Much is being said and written about the “energy transition.” But what is it? What needs to change? What does an energy transition mean when using energy is so crucial to our businesses and activities?
Understanding the energy transition is one thing. Being able to take advantage of it is another. This is why we outlined an easy-to-understand, 10-step process for organizations to appreciate and take advantage of the benefits of embracing the energy transition.
Environmental sustainability is driving the energy transition
Burning fossil fuels emits carbon dioxide into the atmosphere, acting like a blanket to keep Earth’s heat from radiating into space. As global average temperatures go up, the risks of climatic disruption and severe weather events greatly increase.
Organizations that recognize the importance of operating within a stable environment are attracted to effective energy and carbon emissions management. They see that mitigating global climate risks can yield substantial business benefits:
- Improved financial performance: Procuring and using energy costs money. Carbon and energy planning avoids costs and bolsters the bottom line.
- Reduced regulatory risk: Governments in jurisdictions around the world have introduced regulations and requirements for financial climate disclosures. With proper data collection and reporting, businesses can take informed steps to reduce tax and regulatory exposure.
- Meeting stakeholder expectations: Customer requirements for lower carbon emissions are altering supply chains. Managing energy for lower carbon emissions helps businesses maintain their competitive edge.
Three key components to the energy transition
A satisfactory energy transition will result in society continuing to get needed energy services without emitting more carbon dioxide into the atmosphere.
Three components are needed to decarbonize emissions from our energy systems:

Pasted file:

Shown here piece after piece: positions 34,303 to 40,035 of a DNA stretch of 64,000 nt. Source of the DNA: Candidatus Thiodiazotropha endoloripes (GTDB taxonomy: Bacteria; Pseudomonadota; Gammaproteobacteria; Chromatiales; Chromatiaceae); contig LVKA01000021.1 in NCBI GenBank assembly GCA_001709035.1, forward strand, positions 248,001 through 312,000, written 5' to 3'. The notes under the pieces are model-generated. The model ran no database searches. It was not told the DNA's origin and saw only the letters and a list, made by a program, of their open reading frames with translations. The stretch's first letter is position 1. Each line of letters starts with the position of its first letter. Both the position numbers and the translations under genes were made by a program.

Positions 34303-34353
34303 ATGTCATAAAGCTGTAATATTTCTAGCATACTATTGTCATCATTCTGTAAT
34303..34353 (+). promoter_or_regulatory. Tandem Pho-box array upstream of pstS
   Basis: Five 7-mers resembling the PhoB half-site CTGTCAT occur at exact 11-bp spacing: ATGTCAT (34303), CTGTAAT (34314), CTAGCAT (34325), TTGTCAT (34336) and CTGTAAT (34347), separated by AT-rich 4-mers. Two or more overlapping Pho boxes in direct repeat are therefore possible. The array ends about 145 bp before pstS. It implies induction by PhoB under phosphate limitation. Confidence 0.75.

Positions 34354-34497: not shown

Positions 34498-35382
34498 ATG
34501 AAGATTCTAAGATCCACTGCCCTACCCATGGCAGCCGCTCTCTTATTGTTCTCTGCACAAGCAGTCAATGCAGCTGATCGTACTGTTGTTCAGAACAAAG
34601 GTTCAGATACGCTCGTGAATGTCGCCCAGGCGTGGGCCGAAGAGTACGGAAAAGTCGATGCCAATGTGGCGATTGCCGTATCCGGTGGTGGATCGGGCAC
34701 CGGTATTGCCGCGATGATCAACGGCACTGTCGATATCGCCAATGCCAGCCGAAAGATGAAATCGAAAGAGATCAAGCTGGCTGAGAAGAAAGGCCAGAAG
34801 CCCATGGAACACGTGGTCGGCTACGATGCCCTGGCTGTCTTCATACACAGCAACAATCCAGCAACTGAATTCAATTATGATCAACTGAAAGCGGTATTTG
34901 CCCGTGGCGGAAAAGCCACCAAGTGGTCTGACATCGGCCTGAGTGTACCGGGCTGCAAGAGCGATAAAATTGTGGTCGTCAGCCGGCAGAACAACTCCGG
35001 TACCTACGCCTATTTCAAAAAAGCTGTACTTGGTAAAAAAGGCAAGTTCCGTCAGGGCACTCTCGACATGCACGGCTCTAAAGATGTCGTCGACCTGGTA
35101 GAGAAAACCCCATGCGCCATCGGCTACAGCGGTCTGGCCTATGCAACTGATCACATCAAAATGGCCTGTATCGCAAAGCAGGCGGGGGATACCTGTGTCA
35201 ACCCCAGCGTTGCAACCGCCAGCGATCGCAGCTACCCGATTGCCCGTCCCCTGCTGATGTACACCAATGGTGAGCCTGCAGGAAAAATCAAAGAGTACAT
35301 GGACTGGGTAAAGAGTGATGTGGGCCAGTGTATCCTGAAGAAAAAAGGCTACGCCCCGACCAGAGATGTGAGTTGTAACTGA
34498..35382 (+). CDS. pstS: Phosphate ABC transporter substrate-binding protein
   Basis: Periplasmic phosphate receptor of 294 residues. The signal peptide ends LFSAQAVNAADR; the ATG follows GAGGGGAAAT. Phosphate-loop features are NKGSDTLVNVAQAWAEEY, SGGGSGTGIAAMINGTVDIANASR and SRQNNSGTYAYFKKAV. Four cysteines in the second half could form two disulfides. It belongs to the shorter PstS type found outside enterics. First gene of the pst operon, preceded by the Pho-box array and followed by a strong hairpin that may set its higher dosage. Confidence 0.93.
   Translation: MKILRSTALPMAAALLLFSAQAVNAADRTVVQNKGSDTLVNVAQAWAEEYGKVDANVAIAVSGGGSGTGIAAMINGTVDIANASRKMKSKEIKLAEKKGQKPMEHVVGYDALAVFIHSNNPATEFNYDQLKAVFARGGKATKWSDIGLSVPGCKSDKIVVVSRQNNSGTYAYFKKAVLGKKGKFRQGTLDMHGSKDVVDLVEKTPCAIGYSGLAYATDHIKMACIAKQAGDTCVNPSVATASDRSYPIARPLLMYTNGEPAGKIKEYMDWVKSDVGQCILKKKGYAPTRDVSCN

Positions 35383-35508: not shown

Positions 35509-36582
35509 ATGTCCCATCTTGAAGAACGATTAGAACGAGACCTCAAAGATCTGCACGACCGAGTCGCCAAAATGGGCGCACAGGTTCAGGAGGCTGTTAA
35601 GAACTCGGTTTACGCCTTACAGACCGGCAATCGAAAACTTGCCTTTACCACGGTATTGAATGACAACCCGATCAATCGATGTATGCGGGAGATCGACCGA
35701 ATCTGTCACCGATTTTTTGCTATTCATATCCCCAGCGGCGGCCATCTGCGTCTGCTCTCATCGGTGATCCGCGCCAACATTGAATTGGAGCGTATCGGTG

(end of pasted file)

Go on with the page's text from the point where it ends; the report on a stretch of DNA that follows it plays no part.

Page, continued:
- Energy efficiency: A major reduction in energy waste substantially increases energy productivity.
- Electrification: Electricity can provide energy services such as heating and transport in place of fossil fuels like coal, natural gas, diesel and gasoline.
- Renewable energy: Electricity can be generated from energy sources that don’t emit carbon, such as solar, wind and hydro power.
Executives must navigate three key areas of the energy transition
To effectively navigate through the energy transition, business leaders must successfully master three key issues:
- Strategy: Provide strong, strategic, visible and continuing management support for energy transition initiatives.
- People: Identify, train and support the necessary human resources and accountability within their organization.
- Data: Ensure credible and comprehensible data is available to inform decision-making.
There are 10 easy steps for success in the energy transition
- Commitment: Secure commitment from executive leadership and key decision-makers.
- Baseline: Establish a baseline for energy consumption and emissions.
- Metrics: Define key performance indicators to measure progress.
- Engagement: Actively involve employees and stakeholders in energy transition efforts.
- Teams: Form dedicated, cross-functional teams to manage and execute energy transition strategies.
- Competence: Develop the necessary skills and knowledge to navigate the energy transition successfully.
- Training: Provide training and education to employee teams tasked with implementing energy measures.
- Mapping: Create a comprehensive map of your organization's energy use and emissions.
- Assessment: Evaluate current energy practices and identify areas for improvement.
- Accounting: Implement robust accounting practices to track and report on energy and carbon management efforts.
Integration of energy and carbon management
Energy and carbon management should be fully integrated into the organization rather than treated as optional. We did a survey in a recent 360 Energy webinar where participants revealed this issue is often overlooked. Respondents told us educating and building awareness about the energy transition is the missing ingredient throughout their organizations.
It is essential that energy and carbon management become a mainstream strategic activity. Support and resources must come from the top echelons of the organization.
Businesses that want a future in which they can thrive need to embrace the energy transition. By implementing 10 easy steps to effective carbon and energy management, organizations can position themselves for long-term success while contributing to a greener, more sustainable world.